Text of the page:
Air Canada’s flight attendants gave their union a strong strike mandate today. The union is still negotiating with management to avert a walkout after September 20. Retired inflight director accuses management of unfair remuneration.
Air Canada’s flight attendants gave their union, a chapter of CUPE, an overwhelming strike mandate by voting 98-percent in favour of a walkout. Union president Jeff Taylor said they are hoping to reach a negotiated settlement, but that they will strike if they have to.
Around 6,800 flight attendants want compensation for a decade of concessions they made to Air Canada on wages, pensions and working conditions when the airline was going through a major reorganisation to recover substantial losses suffered in the early 2000’s. The union will be in a legal position to strike at 1 a.m. on September 21st.
Federal government enacted back-to-work legislation last June when Air Canada’s sales and customer service agents walked out. Since Air Canada is the country’s largest air carrier another back-to-work legislation is likely. Air Canada and its partners carry about 31 million passengers annually.
It was reported Thursday that the federal labour minister Lisa Raitt is pressuring the parties to come to an agreement. A strike will strand passengers and hurt the economy, she said. CBC News reported that passengers across the country are worried.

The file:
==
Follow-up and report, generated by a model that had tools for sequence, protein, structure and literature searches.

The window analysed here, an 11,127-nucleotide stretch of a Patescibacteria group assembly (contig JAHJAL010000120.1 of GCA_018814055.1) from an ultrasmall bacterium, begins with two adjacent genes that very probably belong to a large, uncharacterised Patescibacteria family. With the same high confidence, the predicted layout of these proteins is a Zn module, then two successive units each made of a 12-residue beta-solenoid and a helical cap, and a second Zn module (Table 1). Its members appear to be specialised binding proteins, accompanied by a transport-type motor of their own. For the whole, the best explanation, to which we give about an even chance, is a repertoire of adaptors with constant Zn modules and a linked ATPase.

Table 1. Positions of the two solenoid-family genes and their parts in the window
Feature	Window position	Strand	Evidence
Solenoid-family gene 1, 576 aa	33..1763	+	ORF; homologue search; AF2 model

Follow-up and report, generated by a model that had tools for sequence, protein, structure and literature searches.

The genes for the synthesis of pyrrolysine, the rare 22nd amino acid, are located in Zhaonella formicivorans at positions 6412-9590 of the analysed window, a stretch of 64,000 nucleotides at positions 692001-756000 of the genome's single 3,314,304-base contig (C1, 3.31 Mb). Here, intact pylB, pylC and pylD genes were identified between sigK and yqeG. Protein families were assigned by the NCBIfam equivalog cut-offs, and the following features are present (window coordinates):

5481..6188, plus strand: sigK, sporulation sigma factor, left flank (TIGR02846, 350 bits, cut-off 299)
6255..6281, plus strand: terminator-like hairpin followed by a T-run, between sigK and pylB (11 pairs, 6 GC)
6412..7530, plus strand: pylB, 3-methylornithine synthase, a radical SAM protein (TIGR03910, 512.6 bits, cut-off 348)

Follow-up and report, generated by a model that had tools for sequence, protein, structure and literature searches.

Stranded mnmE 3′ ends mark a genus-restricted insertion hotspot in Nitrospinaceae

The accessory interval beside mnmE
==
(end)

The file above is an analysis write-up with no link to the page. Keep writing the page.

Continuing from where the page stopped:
A late September or October strike will not be as disruptive to international traffic as a strike in peak season, which will be over by September 15th. There’s an abundance of competition on international routes where other carriers can absorb the slack. A large number of Air Canada's Europe passengers are carried by its partner Lufthansa through Frankfurt. This is not the case, however, for domestic routes where Air Canada has a virtual monopoly over scheduled services. In any event, a strike should boost Calgary-based competitor Westjet's business.
Although the June 2011 walkout was the carrier’s first strike in 13 years, Air Canada has a history of friction between management and labour. Jim Cowan of Vancouver is a retired inflight director that is still involved with his union buddies at Air Canada. He said: "If this strike happens you may see me on their picket lines. Air Canada seems to think the folks that do the work should take cuts in order to enhance the million dollar packages that their Executives take home. Milton and Rovinescu (former and current presidents of Air Canada) have become rich at everyone else's expense."